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Canada: Treasure Island

You don't have to travel across the world to get off the map. British Columbia's Haida Gwaii boasts uncharted coastline, seaside hot springs, and more sea lions, whales, and bears than you can count.


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Corcovado National Park, Costa Rica
Want the squeal-inducing wildlife sightings of a rainforest adventure without worrying about guerillas or paying for an epic plane ride? Head to this Costa Rican park, one of the most biodiverse places on Earth. The park is packed with macaws, toucans, and parrots, not to mention four different species of monkeys. Keep your eye out for the snakes that inhabit the area—boa constrictors can reach 13 feet—and, if you’re extremely lucky, you might spot one of the Osa Peninsula’s elusive pumas or jaguars. Four of the park’s ranger stations offer tent or bunk camping, and you can rent equipment in the nearby town of Puerto Jiménez. From there, take a bus to the La Leona ranger station on the southern coast for your first night. Depending on your ambition—and whether you want ocean or rainforest views—hike north across the Osa to Los Platos station, or head west along the coast to Sirena station, then continue to the park’s northwest corner and San Pedrillo station. visitcostarica.com

Channel Islands National Park, CA
Explore beaches, backcountry, and shorelines on a 24.5-mile hike and kayak tour of Santa Cruz Island, just 19 miles off the Southern California coast. While paddling the shore, peek into sea caves to spy ashy storm petrels, pigeon guillemots, and Xantus’s murrelets, along with harbor seals and sea lions resting in the caverns’ interior. Keep your eyes peeled for elephant seals, dolphins, gray whales (from December through March), and humpback whales and blue whales in July and August. Grab views of the Pacific while hiking the Scorpion Canyon Trail and be on the lookout for golden eagles, island foxes, feral pigs, and tons more wildlife. For a complete trip guide, head to backpacker.com/channelislands.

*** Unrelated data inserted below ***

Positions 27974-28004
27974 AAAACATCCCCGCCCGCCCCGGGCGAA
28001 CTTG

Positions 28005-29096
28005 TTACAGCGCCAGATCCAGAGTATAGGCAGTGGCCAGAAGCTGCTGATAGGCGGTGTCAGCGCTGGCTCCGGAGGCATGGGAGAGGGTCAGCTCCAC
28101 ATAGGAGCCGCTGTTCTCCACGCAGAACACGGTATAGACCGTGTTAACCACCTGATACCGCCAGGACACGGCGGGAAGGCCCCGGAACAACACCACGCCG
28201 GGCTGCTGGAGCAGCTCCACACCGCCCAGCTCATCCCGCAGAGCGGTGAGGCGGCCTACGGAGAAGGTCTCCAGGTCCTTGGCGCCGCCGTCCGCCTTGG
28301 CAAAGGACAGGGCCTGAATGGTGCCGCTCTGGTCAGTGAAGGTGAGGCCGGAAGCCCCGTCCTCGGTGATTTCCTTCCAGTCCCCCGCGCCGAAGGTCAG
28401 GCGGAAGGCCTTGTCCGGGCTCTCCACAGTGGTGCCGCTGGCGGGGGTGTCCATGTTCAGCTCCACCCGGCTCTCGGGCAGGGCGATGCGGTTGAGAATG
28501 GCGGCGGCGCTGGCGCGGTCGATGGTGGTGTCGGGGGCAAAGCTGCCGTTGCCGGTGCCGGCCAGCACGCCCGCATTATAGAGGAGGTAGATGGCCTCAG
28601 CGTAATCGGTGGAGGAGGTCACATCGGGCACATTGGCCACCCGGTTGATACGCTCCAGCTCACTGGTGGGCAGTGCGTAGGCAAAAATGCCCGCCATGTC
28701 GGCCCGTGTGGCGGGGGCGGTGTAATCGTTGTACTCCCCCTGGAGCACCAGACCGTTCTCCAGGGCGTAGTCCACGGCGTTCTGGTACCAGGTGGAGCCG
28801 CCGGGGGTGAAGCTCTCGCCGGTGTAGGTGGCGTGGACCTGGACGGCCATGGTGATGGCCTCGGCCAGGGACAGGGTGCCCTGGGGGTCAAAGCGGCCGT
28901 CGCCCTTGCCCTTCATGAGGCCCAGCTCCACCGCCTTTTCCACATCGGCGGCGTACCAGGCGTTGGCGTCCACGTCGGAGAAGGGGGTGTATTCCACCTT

Ngorongoro Crater, Tanzania

See black rhinoceroses, hippos, and lions in this park that boasts more than 160 volcanic craters, including one of the world’s largest. Take the “walking safari,” a guided hike through the huge caldera, where dense populations of wildebeest, zebras, hippos, rhinos, and gazelles graze. Time it right: In December, 1.7 million ungulates, including 260,000 zebras and 470,000 gazelles, along with more than 500 species of birds, migrate into the area. In June, they decamp and head north. On the crater rim, look for large elephants, buffalo, hyena, and other life-list animals. ngorongorocrater.org

Yellowstone National Park, WY
Take the 18.5-mile point-to-point trek through the Black Canyon on the Yellowstone River Trail, and, according to recent counts, you could simultaneously share a two-square-mile area with a wolf, mountain lion, grizzly, and black bear. The low-elevation and mostly downhill route begins with a trot through a forest of Douglas fir before reaching the Yellowstone River suspension bridge. Keep moving through a
rocky canyon and grassland, score views of Electric Peak, then cross the Blacktrail Bridge and hike down to the river. Camp at miles 12.4 or 13.5 (bring a bear canister). (307) 344-2163; nps.gov/yell


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